The future Red Harvest imagined in 1996 is catching up with us in 2017. Twenty one years later, the label Cold Dark Matter (named after the band’s fourth album) is reissuing their third and showing how far ahead of the curve Red Harvest was and still is. Industrial Metal, Black metal, Post metal, the Norwegian band was always impossible to classify but never reached the stardom of current forward thinkers like Neurosis or Meshuggah. With this reissue, the band has also announced plans to write and record a new album to explore some ideas left behind after their last, and excellent album, A greater darkness (2007). Most bands don’t have one great album in them, Red Harvest had four and might even had a fifth one. Time to ask a few questions about the state of the band around the recording of Hybreed and for the fan in me to get some sort of answers about some of my favorite aspects of the band (particularly the distopic songs on Sick transit gloria mundi).
Could you briefly introduce yourself as a band to people who have no idea who you are?
Red Harvest: Well, you kind of sumit up a bit belowher. Red Harvest started as a quite ordinary thrash metal band. Then we discovered new and alternative (for that time) directions to take our music. The band developed and had a quite success full career from 1996 until we took a break in 2009.
You started as a Thrash band influenced by Voivod on Nomindsland and transformed into an Industrial Metal band on There’s beauty in the purity of darkness. What happened between these two albums?
Red Harvest: Jimmi who was the creative force in the band at that band started looking outside the standard heavy metal at that time. Discovered gothic bands like Fields of the Nephilim and industrial bands like Ministry and Fear Factory. So with roots in thrash, Red Harvest started to implement synth and samples (LRZ joined Red Harvest playing samples on that album).
Your third album HyBreed is being reiussed by Cold Dark Matter records. Do you remember your intentions as musicians when you recorded this album? Why do you feel this album is still relevant today?
Red Harvest: At that time we wanted to challenge ourselves and the fans. And also break most of the unwritten rules for the metal genre at that time with both lyrics and music. It is relevant today, cause people that know their music history will clearly hear that we influenced a lot of other acts.
Hybreed is a unique album even now with its diversity of sounds, samples and atmosphere. You included a lot of electronicelements in it such as darkambient or by having songs based on circular beats (The burningwheel for exemple). What were your intentions musically? Did you fel llimited by the Metal conventions you explored on your previous albums?
Red Harvest: Yes, the typical metal fan did not like what we did on that album at all. It appealed more to the alternative scene. We also had Death prod that is more of an alternative noise/rock artist working on Hybreed with us and what he did was not « normal »way back then. The limits are what you make it yourself. We have always done what we wanted to do and followed our hearts. If we wanted to break some « rules » we did and we still do.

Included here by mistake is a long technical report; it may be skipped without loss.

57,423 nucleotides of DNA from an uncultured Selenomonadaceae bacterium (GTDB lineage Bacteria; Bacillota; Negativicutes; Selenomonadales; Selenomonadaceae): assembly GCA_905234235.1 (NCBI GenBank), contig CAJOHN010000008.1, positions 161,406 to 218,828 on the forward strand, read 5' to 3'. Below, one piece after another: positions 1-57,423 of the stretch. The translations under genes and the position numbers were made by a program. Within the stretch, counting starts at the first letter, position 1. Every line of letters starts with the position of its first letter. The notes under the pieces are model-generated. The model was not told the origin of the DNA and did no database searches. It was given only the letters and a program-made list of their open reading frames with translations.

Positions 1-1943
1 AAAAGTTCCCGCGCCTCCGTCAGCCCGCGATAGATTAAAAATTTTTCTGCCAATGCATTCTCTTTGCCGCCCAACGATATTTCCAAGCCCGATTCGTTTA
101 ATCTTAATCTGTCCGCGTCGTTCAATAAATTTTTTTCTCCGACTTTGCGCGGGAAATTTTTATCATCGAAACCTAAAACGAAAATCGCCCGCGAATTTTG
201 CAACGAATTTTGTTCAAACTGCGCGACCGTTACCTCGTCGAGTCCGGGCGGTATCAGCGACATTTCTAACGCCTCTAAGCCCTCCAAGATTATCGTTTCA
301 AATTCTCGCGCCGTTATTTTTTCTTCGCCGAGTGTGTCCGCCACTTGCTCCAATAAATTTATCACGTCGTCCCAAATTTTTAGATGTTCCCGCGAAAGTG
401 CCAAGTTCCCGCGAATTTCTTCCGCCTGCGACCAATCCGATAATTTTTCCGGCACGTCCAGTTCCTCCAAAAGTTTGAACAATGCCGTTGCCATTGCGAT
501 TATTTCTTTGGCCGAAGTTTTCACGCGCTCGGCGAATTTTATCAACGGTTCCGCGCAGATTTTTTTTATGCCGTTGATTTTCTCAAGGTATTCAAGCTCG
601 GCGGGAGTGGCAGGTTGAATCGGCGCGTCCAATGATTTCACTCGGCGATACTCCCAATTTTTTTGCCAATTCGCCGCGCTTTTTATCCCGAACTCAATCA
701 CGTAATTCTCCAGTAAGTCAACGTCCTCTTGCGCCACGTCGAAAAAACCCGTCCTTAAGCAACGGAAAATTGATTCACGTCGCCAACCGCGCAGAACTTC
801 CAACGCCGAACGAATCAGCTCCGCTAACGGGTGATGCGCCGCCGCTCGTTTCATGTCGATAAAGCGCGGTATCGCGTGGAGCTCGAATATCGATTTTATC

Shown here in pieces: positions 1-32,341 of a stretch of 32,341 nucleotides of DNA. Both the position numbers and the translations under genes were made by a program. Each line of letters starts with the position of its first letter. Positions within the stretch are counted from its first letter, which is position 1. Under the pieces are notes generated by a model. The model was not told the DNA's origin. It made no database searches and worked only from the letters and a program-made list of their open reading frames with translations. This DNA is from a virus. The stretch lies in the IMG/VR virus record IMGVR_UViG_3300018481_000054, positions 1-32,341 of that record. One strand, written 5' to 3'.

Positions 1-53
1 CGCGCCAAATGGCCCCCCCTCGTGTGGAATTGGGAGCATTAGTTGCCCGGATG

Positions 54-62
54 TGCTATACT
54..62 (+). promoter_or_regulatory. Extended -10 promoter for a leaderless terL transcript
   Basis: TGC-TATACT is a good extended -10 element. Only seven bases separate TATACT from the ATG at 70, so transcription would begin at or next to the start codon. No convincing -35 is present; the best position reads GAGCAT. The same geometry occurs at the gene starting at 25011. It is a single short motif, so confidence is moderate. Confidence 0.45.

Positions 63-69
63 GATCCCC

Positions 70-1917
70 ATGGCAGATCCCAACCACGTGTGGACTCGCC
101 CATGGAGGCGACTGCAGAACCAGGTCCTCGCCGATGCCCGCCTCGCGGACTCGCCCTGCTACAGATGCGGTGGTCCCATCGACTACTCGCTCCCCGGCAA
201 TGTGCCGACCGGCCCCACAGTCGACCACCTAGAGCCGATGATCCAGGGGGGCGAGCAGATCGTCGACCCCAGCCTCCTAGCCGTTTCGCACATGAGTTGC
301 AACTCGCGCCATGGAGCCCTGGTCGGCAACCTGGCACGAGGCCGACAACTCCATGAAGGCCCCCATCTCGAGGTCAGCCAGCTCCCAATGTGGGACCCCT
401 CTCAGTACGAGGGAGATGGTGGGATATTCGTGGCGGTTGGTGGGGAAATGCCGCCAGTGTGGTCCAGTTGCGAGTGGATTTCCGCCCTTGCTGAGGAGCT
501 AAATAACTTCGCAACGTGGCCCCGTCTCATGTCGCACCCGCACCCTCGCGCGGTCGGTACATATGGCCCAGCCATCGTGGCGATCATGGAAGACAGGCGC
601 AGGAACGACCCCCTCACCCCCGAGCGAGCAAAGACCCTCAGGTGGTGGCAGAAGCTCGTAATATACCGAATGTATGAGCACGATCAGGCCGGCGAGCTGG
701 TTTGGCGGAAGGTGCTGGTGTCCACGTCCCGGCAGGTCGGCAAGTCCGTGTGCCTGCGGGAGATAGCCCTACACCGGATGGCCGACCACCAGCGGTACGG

Hybreed stands out compared to the albums you put out after as a very diverse and melodic album. Why did you decide to get away from the melodic vocals and the more cinematic tracks you composed for this album?
Red Harvest: Basically cause we changed as persons. The music we make reflects our personalities and who we are at the time. Around Hybreed we read a lot of quazilitterature like Erich Däniken and liked to walk in the vast mountain areas of Norway. Then this and that happens and the next time you sit down to make music something completly differrent is the goal.
Your music has always dealt with dystopias and everyday it looks like novels are becoming reality with the measure taken by government and companies against anonymity as well as the rise of fascism around the world, do you feel inspired by these current events to write new music?
Red Harvest: What usually inspires me when it comes to lyrics and music is the darkness every human has inside. Someone hides it forever, other people crack one day. I am inspired by my own darkness and also of course movies and novels. We have always tried to stay away from politics. U2 and Dixie Chicks can can take care of that, hehehe.
I have always been a big fan of your cover of 7 YearBitch, Dead men don’t rape, on Sick transit gloria mundi. What were your intentions with this cover?
Red Harvest: I have just heard the GGFH version !? But we were all fans of GGFH and used to jam the songs while rehearsing. It was not supposed to be on the album, but we recorded the song when we were in the studio recording Sick… And the version became so cool it ended up on the album.
What can you tell already about the material you have started working on for your new album?
Red Harvest: It is a bit more complex and technical than before. At the same time more raw.
If you could choose one of your own songs in your discography to define the overall chaos in the world today, which one would it be?
Red Harvest: « Hole in Me » from the album A Greater Darkness.
What artists, outside of music, do you feel you share a similar aesthetic with?
Red Harvest: Hmmm, hard question. I must say that Dehn Sora, visual artist on the re-issue of Hybreed really hit something I like and has managed to visualize the atmosphere in a truly amazing way. I am also a huge fan of the Norwegian writer GertNygårdshaug. Amazing writer way ahead of his time.